Temple professor studies the changing business of journalism

A journalism professor wrote a book suggesting nonprofits are repairing journalism’s business model.

Author and journalism professor Magda Konieczna wrote “Journalism Without Profit: Making News When the Market Fails,” a book about nonprofit journalism. | DYLAN LONG / THE TEMPLE NEWS

While working as a reporter at the Guelph Mercury during the height of its financial challenges, Magda Konieczna remembered the story of a fellow Ontario, Canada paper. 

After a group of eight bar-goers complained about their local newspaper in 1999, each chipped in $100 to start the Port Hope Town Crier, which ran for about 15 months before its founders stopped subsidizing it. 

“They had literally no business model,” said Konieczna, a Temple University journalism professor. “Knowing about that, and seeing the Mercury in trouble, I became aware that there were other ways to fund journalism besides advertising money.”

Konieczna’s interest in financing journalism inspired her 2018 book “Journalism Without Profit: Making News When the Market Fails.” The book serves as an in-depth study of nonprofit journalism and examines the funding and influence of nonprofit news organizations. Konieczna gives talks on her book around the country and teaches some of its ideas in her Temple course, The Entrepreneurial Journalist.

Nonprofit newsrooms that focus on public-service journalism are typically funded by grants and public support, while for-profit newsrooms are funded by advertisements and paid subscriptions, Konieczna said. The growing financial struggles in public-service journalism partially come from changing business models. 

Previously, advertisement revenue funded a newspaper’s operations. But the emergence of digital platforms prompted news outlets to adopt for-profit models that strayed from advertisement-focused models. 

As the Internet gained popularity, many newsrooms experienced financial turmoil. From 2008-17 newsroom employment plummeted 23 percent and more than one-third of the United States’s largest newspapers had layoffs between January 2017 and April 2018, according to the Pew Research Center. In response, nonprofits like The Lenfest Institute for Journalism have emerged to help local news outlets implement sustainable business models.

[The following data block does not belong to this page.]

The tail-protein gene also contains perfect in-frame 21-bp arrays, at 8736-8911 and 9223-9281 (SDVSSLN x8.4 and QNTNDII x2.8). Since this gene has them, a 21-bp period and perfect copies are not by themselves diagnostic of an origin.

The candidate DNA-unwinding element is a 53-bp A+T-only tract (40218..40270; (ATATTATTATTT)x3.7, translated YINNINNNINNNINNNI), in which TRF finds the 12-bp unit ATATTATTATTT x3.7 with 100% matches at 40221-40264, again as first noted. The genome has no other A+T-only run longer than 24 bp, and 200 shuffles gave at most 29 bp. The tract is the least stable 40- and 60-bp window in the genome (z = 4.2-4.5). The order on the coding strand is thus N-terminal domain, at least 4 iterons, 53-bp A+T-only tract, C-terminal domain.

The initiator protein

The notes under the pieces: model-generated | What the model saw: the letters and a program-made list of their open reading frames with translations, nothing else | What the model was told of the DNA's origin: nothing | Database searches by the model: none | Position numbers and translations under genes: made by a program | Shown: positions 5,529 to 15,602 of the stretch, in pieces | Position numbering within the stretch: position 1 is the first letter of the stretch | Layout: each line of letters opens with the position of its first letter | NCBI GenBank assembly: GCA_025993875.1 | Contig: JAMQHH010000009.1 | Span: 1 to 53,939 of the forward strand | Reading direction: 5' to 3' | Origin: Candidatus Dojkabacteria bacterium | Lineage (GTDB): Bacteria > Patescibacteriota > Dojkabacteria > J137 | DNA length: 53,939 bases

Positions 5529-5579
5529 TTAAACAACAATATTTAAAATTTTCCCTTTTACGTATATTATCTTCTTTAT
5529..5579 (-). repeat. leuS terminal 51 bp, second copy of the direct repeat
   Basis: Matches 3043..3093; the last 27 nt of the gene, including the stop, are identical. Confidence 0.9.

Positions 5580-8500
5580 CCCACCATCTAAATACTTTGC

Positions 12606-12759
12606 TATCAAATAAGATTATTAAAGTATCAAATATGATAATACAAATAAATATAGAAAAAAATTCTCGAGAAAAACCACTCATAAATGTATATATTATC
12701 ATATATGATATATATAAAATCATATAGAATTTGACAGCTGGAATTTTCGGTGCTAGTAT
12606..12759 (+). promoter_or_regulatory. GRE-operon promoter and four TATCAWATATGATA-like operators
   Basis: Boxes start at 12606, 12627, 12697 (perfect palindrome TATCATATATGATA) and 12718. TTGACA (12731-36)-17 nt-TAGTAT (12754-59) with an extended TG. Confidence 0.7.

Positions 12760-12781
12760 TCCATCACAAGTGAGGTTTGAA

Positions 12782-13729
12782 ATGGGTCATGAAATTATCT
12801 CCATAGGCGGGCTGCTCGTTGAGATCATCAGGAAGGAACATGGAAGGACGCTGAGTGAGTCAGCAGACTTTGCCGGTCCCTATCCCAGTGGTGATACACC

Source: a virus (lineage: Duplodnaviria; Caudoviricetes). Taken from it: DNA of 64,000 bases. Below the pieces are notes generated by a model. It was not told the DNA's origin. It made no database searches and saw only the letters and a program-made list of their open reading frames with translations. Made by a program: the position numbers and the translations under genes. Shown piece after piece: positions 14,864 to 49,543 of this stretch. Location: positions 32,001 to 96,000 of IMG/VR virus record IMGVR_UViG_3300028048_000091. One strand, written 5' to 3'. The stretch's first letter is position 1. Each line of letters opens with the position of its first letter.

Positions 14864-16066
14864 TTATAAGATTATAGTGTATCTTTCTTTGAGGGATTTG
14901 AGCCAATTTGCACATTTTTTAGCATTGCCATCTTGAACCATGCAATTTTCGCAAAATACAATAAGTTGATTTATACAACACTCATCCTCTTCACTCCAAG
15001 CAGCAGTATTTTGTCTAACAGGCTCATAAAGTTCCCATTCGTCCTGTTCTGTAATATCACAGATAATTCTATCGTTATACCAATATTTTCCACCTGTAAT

“The funding model where people are buying the newspaper or watching the newscast for a whole bunch of different reasons that include seeing the football score and doing the crossword and reading about Beyoncé, that model is like forms of subsidy for doing public-service journalism,” she said.

Evolving digital platforms, like The New York Times’s crossword puzzle app, divide funding for different types of journalism, Konieczna said, and often removes funding for public-service journalism.

The book stemmed from Konieczna’s dissertation study while earning her Ph.D. from 2009-14 at the University of Wisconsin-Madison, after leaving the Guelph Mercury in 2009.

Konieczna observed three local and national nonprofit news organizations for the study, including MinnPost, the Center for Public Integrity and the Wisconsin Center for Investigative Journalism, which is housed at the University of Wisconsin-Madison.

Andy Hall, the executive director and co-founder of the Wisconsin Center for Investigative Journalism, decided to make the center’s content available for free to other news organizations when it opened in 2009. Hall thought the center’s content would reach people more easily that way.

“Journalism is facing a series of profound problems,” Hall said. “How to generate reliable revenue is among the most urgent and among the issues that are worsening at the fastest rate.”

The Wisconsin Center’s investigations are funded by grants from foundations like the Ethics and Excellence in Journalism Foundation. By providing the investigations to news organizations for free, it’s fixing journalism, Konieczna said. 

“These guys are not trying to blow up journalism,” she added. “They’re trying to fix it from inside by elevating the quality of journalism that exists.”

Meredith Siegler, a junior journalism major, is interested in learning more about nonprofit journalism because of its potential to be less biased and focus more on truth-telling compared to larger, for-profit newspapers with sponsors, she said.

“It’s important to have people more aware of different forms of journalism,” Siegler added. “For me, going into the field, it’s important to learn about it because of different job opportunities.” 

Konieczna hopes her book spreads awareness about nonprofit newsrooms among both professional journalists and journalism students.  

“It’s hard to tell exactly what’s happening with journalism, but these news nonprofits are able to earn revenue directly from producing the kind of journalism that’s important for democracy,” she said. “They’re an important player in trying to continue to do that important journalistic work.”

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